After three witnesses last week painted a broad picture of a U.S. foreign policy hijacked by political interests, this week the impeachment inquiry into President Trump began with testimony Tuesday from four people who serve inside the White House and on the front lines of U.S. foreign policy in Ukraine.

Tuesday’s hearings featured:

All four previously testified in closed-door depositions. Here’s what we learned from their latest testimony.

1. A big correction from Volker

Volker — like the ambassador to the European Union, Gordon Sondland — was forced to correct his testimony after other witnesses called it into question.

The most important clarification came with regard to a July 10 meeting in which Sondland has now acknowledged he brought up investigations with Ukrainian leaders — after previously not disclosing that. Volker had previously testified that there was no mention during that meeting of the investigations Trump and his personal attorney Rudolph W. Giuliani were seeking. But other witnesses indicated then-national security adviser John Bolton shut down the meeting because Sondland broached them.

So on Tuesday, Volker confirmed it, saying Sondland made “a general comment about investigations” toward the end of the meeting — but Volker said that he himself might not have been around for some of the fallout.

He added, “I think all of us thought it was inappropriate.”

2. Volker says anti-Biden campaign was also inappropriate

Another key shift in his testimony came with respect to whether this effort was a political one. Volker has testified that he didn’t push for an investigation of former vice president Joe Biden and his son Hunter; he now says that he should have connected the dots between the Bidens and Burisma Holdings, the Ukrainian company that employed Hunter Biden.

He also said the entire effort was wrong.

“In retrospect, I should have seen that connection [between Burisma and Biden] differently, and had I done so, I would have raised my own objections,” he said.

Volker also added that there was no basis for Trump and Giuliani’s idea that Joe Biden’s actions in Ukraine — they allege he was trying to shut down an investigation of Burisma to benefit his son, despite plenty of contrary evidence — were improper.

“The accusation that Vice President Biden was acting inappropriately didn’t seem at all credible to me,” he said. He added, “The allegations against Biden are self-serving and not credible.”

Volker, it bears mentioning, is one of three Republican-requested witnesses who are testifying, along with Morrison.

3. An unknown Vindman contact in the intel community

In one of the tensest exchanges in the first hearing session, Vindman disclosed that he spoke with an intelligence-community official about Trump’s July 25 phone call with Ukrainian President Volodymyr Zelensky, but he declined to identify the official, saying his attorney had advised him not to do so.

When Rep. Devin Nunes (R-Calif.), the ranking Republican on the House Intelligence Committee, began asking for more details about the person, Chairman Adam B. Schiff (D-Calif.) interjected and warned about any attempts to out the anonymous whistleblower who first filed a complaint related to the call.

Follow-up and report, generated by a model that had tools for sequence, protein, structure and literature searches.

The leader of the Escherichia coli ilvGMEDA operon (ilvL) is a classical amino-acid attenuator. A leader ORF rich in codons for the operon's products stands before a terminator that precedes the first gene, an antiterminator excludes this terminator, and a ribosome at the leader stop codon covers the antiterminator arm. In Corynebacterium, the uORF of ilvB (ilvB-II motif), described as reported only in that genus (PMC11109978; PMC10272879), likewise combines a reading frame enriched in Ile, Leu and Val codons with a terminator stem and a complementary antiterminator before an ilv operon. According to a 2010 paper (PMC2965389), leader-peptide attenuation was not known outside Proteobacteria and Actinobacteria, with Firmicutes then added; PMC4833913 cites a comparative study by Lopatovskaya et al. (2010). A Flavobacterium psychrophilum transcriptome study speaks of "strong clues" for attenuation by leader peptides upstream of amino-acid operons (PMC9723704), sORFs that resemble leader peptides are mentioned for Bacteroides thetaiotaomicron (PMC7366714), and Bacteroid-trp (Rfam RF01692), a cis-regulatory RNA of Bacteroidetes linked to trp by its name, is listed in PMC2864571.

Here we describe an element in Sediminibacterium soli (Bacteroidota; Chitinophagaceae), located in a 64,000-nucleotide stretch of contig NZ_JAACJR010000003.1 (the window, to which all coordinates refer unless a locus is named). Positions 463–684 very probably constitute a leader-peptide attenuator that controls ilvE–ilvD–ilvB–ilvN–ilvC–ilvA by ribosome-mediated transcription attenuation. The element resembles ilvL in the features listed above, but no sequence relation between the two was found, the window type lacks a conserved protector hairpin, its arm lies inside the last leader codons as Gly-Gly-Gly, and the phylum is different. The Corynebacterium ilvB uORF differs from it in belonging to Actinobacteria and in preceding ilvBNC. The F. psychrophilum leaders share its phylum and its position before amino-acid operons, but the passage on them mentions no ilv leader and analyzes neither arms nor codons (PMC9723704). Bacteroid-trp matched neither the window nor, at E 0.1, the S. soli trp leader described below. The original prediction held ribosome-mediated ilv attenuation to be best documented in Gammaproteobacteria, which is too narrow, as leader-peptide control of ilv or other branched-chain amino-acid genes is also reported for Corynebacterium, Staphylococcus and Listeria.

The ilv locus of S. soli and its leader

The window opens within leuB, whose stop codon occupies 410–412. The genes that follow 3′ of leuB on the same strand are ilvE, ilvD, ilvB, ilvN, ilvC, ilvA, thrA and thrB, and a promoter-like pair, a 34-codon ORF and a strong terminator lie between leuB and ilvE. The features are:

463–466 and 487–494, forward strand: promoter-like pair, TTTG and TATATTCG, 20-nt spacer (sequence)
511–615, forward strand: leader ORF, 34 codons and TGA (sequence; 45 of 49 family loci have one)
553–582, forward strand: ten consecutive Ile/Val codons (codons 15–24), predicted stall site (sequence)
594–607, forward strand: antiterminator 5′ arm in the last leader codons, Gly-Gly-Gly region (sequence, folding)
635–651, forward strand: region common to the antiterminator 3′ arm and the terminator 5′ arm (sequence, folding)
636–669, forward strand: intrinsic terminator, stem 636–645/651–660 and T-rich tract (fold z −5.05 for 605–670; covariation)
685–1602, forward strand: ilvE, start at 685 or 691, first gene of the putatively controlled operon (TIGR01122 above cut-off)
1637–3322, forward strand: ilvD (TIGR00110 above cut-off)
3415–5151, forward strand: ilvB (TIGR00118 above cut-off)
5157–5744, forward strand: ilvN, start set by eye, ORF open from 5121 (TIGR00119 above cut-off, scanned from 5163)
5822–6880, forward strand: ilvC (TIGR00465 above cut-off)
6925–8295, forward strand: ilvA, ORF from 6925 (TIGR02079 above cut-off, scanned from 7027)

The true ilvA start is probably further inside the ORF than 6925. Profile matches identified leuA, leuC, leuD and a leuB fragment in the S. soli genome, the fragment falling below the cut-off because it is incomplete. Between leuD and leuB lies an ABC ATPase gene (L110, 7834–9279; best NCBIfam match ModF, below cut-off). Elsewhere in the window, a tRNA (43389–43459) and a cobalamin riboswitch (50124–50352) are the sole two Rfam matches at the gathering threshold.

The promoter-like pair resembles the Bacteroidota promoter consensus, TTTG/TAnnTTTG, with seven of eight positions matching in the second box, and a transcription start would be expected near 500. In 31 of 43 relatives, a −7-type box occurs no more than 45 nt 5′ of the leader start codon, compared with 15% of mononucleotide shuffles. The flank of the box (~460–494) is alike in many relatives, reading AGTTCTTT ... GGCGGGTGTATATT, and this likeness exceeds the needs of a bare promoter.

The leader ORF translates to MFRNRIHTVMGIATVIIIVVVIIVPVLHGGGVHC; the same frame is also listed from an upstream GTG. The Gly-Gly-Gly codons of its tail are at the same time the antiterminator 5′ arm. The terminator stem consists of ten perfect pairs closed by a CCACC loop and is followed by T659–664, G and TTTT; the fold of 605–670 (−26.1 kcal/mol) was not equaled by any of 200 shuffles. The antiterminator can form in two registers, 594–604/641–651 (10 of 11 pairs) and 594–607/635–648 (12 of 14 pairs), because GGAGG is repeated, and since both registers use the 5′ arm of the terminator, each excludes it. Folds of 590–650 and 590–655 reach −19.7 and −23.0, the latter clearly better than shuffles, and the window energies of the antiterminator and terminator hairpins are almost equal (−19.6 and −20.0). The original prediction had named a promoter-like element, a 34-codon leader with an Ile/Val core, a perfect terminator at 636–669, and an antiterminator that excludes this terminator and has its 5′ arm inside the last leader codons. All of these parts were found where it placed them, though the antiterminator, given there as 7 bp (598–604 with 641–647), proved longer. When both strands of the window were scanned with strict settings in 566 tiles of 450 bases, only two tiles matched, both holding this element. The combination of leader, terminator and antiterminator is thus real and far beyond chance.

Nunes had made clear in his opening statement how important he felt it was to hear directly from the whistleblower, who has declined to give up anonymity and is legally entitled to it.

Nunes sought to argue that if Vindman didn’t know who the whistleblower was, he wouldn’t actually be outing anyone. But Vindman stood his ground.

“Per the advice of my counsel, I’ve been advised not to answer specific questions about members of the intelligence community,” he said.

Nunes soon suggested that Vindman might want to instead plead the Fifth Amendment — the one protecting witnesses against self-incrimination — to which Vindman’s attorney objected. “This does not call for an answer that is invoking the Fifth or any theoretical issue like that,” he said. “We’re following the ruling of the chair.”

Whoever the whistleblower is, the vast majority of that person’s claims were secondhand and have been confirmed by other witnesses, rendering the whistleblower’s unique insights into the impeachment inquiry somewhat limited.

4. GOP’s thinly veiled attacks on Vindman, and two striking rebuttals

Vindman, who was born in Ukraine when it was part of the Soviet Union and immigrated to the United States as a young child, has been attacked in conservative media arguably more than any other witness — including with suggestions that his loyalty may not be to the United States. Schiff took time at the beginning of the hearing to warn Republicans against impugning Vindman’s character, invoking Fox News.

Against that backdrop, Vindman closed his opening statement with this note to his Soviet-born father, who brought his family to the United States.

“Dad, my sitting here today, in the U.S. Capitol, talking to our elected officials, is proof that you made the right decision 40 years ago to leave the Soviet Union and come here to the United States of America in search of a better life for our family,” he said. “Do not worry. I will be fine for telling the truth.”

Later in the hearing, Vindman also took exception to Nunes calling him “Mr. Vindman.”